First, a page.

Friday, November 9, 2012

After Great Pain ...

After great pain
A formal feeling comes
The nerves sit ceremonious –– 
like tombs.

The stiff heart questions
Was it He that bore ––
And Yesterday –– or centuries before?

The feet mechanical go round ––
A wooden way
Of ground or air or ought.

Regardless grown ––
A quartz contentment like a stone.

This is the hour of lead.
Remembered –– if outlived ––
As freezing persons recollect the snow.

First chill ––
Then stupor ––
Then –– the letting go.

~ Emily Dickinson (1830-1886)


Always On Watch said...

This is the hour of lead.

Ashen -- that's how I feel.

What is the future?

FreeThinke said...

One thing is certain about Emily, AOW, -- she understood the meaning of grief, anguish and bitter longing.

Like all genuinely artistic souls she knew and understood God better than any theologian or orthodox congregant ever has or ever could.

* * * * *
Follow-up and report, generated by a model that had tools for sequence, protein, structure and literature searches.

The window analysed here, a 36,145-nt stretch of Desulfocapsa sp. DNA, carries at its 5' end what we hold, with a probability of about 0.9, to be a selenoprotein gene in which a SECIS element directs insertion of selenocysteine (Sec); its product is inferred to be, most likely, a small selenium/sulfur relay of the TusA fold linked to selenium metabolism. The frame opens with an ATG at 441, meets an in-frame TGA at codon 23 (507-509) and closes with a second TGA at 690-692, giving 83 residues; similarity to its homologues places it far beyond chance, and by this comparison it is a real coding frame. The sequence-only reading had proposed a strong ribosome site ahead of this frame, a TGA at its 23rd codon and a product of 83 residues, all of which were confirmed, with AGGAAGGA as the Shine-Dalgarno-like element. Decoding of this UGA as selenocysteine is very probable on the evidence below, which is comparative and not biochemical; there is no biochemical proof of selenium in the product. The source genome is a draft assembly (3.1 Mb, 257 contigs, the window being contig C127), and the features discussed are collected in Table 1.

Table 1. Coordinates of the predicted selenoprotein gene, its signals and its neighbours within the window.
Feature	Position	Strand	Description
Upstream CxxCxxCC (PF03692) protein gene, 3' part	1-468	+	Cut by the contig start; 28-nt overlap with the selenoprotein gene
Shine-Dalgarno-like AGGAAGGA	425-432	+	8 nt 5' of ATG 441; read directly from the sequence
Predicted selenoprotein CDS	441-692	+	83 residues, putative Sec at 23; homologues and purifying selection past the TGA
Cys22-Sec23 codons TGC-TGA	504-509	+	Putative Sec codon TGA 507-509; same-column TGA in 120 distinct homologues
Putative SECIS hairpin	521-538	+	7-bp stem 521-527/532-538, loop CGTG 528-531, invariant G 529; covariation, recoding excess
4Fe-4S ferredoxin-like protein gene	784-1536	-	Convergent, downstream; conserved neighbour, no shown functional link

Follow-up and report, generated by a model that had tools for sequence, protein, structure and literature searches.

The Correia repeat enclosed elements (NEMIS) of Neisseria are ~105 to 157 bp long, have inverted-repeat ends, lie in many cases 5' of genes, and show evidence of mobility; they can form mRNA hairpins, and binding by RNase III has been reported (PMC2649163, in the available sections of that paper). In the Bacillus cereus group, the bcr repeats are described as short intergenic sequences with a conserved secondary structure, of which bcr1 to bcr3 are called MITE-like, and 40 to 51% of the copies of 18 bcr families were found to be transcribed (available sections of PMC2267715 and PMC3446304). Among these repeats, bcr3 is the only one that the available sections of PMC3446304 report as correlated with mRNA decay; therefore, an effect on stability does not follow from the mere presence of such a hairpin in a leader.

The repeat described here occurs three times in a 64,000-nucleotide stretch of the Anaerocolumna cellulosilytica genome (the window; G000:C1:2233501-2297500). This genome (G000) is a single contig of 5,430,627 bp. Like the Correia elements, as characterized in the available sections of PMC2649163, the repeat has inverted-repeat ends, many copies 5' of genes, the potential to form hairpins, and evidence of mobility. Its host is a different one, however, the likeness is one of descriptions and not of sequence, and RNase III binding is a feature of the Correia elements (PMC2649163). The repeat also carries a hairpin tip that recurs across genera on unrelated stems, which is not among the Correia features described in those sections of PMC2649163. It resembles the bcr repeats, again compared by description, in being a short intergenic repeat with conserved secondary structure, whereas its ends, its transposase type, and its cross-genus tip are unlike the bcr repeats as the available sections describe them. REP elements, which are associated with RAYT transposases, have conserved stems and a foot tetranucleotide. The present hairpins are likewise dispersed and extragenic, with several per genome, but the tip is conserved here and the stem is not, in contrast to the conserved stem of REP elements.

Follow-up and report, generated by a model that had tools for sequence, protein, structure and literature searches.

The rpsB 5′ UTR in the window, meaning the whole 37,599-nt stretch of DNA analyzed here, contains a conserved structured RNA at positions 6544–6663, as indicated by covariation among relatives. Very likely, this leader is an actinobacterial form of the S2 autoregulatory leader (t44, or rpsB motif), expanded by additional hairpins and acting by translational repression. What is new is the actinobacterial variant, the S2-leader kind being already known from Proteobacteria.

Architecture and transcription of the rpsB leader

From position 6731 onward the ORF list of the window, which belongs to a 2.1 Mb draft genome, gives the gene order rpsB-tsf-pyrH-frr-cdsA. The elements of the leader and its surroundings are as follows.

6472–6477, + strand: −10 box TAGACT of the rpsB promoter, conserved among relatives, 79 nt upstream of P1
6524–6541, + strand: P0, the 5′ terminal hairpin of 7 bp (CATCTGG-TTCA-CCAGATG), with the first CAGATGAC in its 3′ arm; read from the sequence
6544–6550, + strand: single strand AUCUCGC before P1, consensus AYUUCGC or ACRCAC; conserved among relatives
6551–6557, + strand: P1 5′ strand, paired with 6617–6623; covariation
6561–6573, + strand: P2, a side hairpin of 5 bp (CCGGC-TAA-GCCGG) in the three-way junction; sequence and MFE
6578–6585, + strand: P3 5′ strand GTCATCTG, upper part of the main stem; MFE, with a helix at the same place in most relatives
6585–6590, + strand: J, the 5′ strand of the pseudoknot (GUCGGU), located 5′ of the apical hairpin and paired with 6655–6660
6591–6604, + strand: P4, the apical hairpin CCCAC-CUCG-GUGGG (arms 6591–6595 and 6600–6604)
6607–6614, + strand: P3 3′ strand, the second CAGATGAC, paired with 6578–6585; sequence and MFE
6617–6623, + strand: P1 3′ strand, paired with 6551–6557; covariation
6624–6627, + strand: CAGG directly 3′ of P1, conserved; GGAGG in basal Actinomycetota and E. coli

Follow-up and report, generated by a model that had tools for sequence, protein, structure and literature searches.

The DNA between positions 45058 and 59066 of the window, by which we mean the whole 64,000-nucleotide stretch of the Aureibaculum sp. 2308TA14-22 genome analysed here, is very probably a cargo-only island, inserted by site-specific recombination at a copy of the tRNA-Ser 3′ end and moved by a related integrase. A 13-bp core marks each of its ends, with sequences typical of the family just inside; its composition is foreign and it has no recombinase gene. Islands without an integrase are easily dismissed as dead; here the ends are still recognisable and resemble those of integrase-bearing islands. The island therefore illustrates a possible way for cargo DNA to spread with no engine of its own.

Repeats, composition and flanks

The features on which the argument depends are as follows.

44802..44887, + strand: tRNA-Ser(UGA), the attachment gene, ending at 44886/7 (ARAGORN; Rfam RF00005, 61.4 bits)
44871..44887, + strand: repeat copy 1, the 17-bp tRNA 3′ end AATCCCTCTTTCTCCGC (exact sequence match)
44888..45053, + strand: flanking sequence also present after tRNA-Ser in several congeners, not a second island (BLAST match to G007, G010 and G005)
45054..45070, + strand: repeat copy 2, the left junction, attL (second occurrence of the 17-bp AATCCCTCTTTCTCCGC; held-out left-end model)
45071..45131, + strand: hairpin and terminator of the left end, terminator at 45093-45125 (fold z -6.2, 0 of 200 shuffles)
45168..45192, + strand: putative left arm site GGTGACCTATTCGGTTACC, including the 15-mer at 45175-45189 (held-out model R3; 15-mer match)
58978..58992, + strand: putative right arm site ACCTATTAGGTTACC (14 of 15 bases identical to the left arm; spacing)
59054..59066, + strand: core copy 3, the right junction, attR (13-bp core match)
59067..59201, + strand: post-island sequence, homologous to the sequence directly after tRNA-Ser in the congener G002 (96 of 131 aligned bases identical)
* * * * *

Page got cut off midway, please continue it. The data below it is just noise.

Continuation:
Fortunately, she also knew joy, and the satisfaction that comes from embracing Duty.

I hate the way modern feminist pseudo-scholars avidly attempt to portray her as an early feminist and a lesbian -- as though either of those things were significant, or had the slightest bearing on the nature and quality of her work.

~ FT

Anonymous said...

I'm thinking very seriously of "letting go," myself, Emily. The game doesn't seem worth the price of a deck of cards anymore. How could you have come to understand so much, when you lived such a circumscribed life in Amherst? You were not sophisticated, they say, but those who are don't begin to see with your depth.

Helen Highwater